You seem a little hypocritical as well. If I am racist and want to disenfranchise people because I want people to show ID at the polls, are you also racist and do you also want to disenfranchise people because you want to crack down on voter fraud via absentee ballot? Might I take a guess at what kind of person you don't want voting? Active duty military, perhaps?

      And you still haven't given me a single good reason why any person in our society can't get an ID.

      --Francisca S.

      Delete
    5. What the hell is an "overly broad felon list"?

      A felon is a felon. A list of felons is not overly broad, so long as everyone on the list is a felon.

      Ben

      Delete
    6. KW can't get past partisanship. It's always, Republicans cheat more! Blah, blah, blah, blah.

      How about this--crack down on voter fraud of all kinds.

      KW, did you see what happened in the recent Charlie Rangel (Democratic) primary? Still think everything's fine?

      Ben

      Delete
    7. Egnor said: I'm a "racist" for opposing voter fraud?

      Yes. You're racist against people who aren't supposed to be voting.

      --Francisca S.

      Delete
    8. What the hell is an "overly broad felon list"?

      A list that includes people who are not felons, which is a common problem as people with names similar to those of a felon get swept into the list. Also, a list on which people who should have been restored to the rolls aren't. Both issues account for many orders of magnitude more voters than the vanishingly rare kind of fraud voter ID laws are supposed to foil.

      Delete
  6. This is all about voter suppression of certain races. After all, we all know that no one could ever expect people of those races to be able to carry an ID card.

    ReplyDelete
  7. Just to reiterate a point you made in a previous post....
    Are they not the same people who Mr. Martin says will be disenfranchised from their vote because have no ID who MUST show ID to receive housing assistance, food stamps, welfare payments, medical care, day care and bus passes? Or does the government just hand over all that stuff without ID?

    ReplyDelete
    Replies
    1. Are they not the same people who Mr. Martin says will be disenfranchised from their vote because have no ID who MUST show ID to receive housing assistance, food stamps, welfare payments, medical care, day care and bus passes?

      It is interesting that you assume that the people who will be disenfranchised by this law are recipients of public assistance. And you wonder why your racism slip seems to show under your dress every time you talk.

      Delete
    2. @anon:

      I see. So you assert that there are a substantial number of people who are self-sufficient and don't need public assistance but who have no ID?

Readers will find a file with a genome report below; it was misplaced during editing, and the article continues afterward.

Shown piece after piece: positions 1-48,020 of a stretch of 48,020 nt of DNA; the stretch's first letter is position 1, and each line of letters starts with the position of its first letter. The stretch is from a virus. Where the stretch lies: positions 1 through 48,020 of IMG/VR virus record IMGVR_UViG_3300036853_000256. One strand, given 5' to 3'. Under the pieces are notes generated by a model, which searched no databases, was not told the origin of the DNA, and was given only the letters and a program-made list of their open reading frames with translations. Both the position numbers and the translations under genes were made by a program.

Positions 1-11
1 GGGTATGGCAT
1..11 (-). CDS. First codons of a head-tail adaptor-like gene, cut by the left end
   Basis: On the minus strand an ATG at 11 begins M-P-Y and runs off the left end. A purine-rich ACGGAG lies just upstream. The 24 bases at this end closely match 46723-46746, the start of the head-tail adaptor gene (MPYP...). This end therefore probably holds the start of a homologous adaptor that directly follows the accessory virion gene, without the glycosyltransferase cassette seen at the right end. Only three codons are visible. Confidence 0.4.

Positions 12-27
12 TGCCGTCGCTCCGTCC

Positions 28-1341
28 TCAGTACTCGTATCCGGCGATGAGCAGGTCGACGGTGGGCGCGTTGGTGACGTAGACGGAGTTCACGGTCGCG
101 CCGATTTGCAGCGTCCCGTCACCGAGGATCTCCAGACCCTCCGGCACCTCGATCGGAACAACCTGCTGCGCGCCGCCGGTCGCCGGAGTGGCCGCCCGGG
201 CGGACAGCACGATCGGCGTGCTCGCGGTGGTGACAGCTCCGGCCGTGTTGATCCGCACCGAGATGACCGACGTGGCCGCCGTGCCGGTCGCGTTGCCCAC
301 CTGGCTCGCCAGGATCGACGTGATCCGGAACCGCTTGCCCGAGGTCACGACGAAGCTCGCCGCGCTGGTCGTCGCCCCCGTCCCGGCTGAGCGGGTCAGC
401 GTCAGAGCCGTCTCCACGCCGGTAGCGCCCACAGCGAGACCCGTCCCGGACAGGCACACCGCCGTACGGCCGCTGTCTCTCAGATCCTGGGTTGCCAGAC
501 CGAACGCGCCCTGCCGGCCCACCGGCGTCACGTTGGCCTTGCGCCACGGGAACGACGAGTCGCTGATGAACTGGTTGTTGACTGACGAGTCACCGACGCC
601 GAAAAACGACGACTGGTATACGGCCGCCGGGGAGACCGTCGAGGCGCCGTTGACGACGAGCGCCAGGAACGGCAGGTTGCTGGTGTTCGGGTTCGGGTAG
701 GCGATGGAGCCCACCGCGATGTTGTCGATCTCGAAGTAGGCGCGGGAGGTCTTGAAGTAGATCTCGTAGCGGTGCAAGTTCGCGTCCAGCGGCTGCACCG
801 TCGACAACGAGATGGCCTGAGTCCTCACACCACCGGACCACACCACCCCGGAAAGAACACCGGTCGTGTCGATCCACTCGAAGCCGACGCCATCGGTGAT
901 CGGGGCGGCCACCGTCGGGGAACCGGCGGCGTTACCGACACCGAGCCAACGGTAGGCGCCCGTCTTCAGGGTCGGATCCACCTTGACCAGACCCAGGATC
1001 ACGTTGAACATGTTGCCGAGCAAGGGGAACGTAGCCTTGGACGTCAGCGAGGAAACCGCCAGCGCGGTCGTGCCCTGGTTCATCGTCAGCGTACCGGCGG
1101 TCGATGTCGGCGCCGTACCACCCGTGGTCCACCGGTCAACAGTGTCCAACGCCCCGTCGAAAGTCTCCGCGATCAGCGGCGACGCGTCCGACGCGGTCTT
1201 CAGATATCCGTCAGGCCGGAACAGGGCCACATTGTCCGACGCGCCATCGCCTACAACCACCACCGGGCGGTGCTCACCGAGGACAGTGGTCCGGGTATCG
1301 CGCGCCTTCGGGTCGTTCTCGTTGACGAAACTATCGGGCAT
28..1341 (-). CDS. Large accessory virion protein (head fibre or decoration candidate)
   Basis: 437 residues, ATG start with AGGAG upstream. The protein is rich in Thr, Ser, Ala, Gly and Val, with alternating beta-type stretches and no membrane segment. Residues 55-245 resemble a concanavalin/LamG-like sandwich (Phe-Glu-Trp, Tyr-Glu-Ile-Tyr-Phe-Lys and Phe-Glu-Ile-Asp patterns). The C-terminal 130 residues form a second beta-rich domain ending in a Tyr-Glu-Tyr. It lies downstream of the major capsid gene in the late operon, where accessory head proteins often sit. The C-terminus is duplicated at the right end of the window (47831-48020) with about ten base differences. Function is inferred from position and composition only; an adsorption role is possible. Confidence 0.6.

And what do my views have to do with racism? After all, I'm a member of the party that has always opposed racism, unlike you.

      Delete
    3. I see. So you assert that there are a substantial number of people who are self-sufficient and don't need public assistance but who have no ID?

      Do you have evidence that there are not? Or just some racist assumptions?

      And what do my views have to do with racism?

      When you spout racist viewpoints, then you get accurately called a racist. What party you are a member of is irrelevant to that question.

      After all, I'm a member of the party that has always opposed racism, unlike you.

      The Nazi Party has always opposed racism? The Republican party might have been able to claim the anti-racist party, but then it adopted the "Southern Strategy" and attracted all the racists into its own ranks. Also, you have no idea what party I am a member of. Once again, you make assumptions with no basis for making them.

      Delete
    4. Anonymous:

      People on welfare are not a race. They include people of every race, including a majority of whites. Travel to Kentucky or the Ozarks and you will find white welfare recipients galore.

      But the issue that has been raised in objection to voter ID laws is that they disenfranchise the poor because they can't afford an ID. Poor = no ID. That's the contention, and if we are to assume it for the sake of argument, then the question raised in the previous post deserves a real answer. Aren't welfare recipients proving their identity when they claim their bennies? If they can just walk in and pick sign up for EBT and WIC and every other program, what's stopping them from collecting multiple times? Do we have any idea at all how many people are collecting?

      You play the race card as a smokescreen.

      --Francisca S.

      Delete
    5. Aren't welfare recipients proving their identity when they claim their bennies? If they can just walk in and pick sign up for EBT and WIC and every other program, what's stopping them from collecting multiple times?

      And the assumption made, which you seem to join in, is that those disenfranchised by this law will all be people on public assistance. Do you have any basis for this assertion, or are you just pulling stuff out of your ass?

      Delete
    6. "I am way too busy these days for long political rants. ..."

      Translation: I am way too busy these days to to even attempt to ground my political opinions and preferences in reality.

      Delete